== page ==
It would be impossible to list every single rare Playstation classic available for a pittance on the PSN store that would once again no longer be accessible if the store closed (Mega Man Legends! The Fatal Frame series!), and it’s not as though these titles are suddenly making a return on PS4 or PS5, either. Sony is far less willing to release classic titles on these platforms, and comments from studio heads make this unlikely to change. If you care for retro games, this is your chance.
Some of the Best PSN Games for PS3 and Vita Have Already Been Preserved (But DLC Could Still Be Lost)
While the loss of any digital store shouldn’t be considered ‘welcome’, at the very least the number of titles being lost from this closure is far lower than it will be when the PS4 online store eventually closes at some undetermined point in the future.
Digital releases of retail titles and digital-only releases were not the norm on PS3 and PSP and only became more normalized during the Vita’s lifespan. Some iconic JRPGs of this era, for example, like Crisis Core: Final Fantasy VII on PSP and NieR on PS3, are simply not available on digital storefronts altogether. Some of the titles that did release at this time, like Malicious from Alvion, were later expanded upon and ported to other platforms, too.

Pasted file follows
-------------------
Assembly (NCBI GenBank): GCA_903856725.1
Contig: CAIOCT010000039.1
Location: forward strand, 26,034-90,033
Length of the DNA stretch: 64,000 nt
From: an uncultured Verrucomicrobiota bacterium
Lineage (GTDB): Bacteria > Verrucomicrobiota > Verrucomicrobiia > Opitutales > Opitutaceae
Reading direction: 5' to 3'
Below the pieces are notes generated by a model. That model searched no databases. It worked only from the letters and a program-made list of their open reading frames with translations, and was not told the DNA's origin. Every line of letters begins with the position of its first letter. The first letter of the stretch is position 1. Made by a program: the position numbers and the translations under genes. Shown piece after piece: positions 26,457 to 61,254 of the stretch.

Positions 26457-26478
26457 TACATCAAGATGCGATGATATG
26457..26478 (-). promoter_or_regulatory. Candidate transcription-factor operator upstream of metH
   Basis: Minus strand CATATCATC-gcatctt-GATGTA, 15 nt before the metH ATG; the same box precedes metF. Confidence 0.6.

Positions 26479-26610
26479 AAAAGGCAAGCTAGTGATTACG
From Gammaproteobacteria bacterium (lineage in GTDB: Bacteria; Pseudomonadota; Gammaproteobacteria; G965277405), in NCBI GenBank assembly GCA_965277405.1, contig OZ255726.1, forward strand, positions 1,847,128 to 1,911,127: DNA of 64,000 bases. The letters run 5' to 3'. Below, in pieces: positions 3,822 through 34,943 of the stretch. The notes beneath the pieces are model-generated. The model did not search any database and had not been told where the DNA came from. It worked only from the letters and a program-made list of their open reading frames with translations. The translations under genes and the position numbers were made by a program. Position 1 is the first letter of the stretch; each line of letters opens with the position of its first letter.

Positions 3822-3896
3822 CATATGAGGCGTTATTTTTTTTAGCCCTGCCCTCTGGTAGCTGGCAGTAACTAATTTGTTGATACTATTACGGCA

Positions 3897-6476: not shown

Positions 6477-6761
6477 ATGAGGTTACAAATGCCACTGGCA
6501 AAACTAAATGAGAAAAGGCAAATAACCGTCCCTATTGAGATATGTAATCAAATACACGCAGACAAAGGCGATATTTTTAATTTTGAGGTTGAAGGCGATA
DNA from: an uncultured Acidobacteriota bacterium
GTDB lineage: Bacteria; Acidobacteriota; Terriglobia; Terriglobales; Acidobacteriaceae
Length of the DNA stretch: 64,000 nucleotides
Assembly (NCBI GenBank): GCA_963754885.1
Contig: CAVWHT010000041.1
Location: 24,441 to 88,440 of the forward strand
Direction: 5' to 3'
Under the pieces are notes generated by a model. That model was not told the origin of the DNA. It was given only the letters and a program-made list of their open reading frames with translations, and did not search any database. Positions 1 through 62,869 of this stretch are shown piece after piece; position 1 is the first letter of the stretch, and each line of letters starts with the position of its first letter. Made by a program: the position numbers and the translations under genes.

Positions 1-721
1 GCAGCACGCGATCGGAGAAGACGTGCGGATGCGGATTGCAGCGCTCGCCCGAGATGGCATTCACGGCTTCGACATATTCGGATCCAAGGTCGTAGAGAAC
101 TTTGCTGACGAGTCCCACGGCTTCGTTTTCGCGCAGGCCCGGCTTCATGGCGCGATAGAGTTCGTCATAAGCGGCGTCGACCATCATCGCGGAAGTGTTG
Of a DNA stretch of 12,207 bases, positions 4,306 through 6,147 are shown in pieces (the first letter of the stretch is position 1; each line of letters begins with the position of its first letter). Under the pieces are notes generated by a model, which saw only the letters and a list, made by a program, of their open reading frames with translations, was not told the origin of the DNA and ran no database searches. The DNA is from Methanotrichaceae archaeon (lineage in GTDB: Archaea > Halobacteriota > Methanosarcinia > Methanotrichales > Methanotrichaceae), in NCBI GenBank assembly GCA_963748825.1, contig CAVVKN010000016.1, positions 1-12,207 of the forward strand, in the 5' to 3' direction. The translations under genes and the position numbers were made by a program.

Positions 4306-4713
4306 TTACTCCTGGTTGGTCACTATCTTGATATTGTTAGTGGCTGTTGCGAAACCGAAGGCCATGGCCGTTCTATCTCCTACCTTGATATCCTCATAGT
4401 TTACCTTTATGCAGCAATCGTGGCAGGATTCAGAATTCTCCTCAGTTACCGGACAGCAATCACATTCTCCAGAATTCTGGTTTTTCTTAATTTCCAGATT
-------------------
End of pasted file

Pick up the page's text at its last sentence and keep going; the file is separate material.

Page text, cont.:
Probably the major casualties on this front are the ‘interactive screensaver’ game that is the endlessly charming LocoRoco Cocoreccho, with another notable loss being the English release of Legasista, which was digital-only. Bomberman Ultra is a cool multiplayer-only Bomberman title, but with only local multiplayer accessible now and Super Bomberman R being available on a wide array of consoles, it’s a more difficult title recommendation.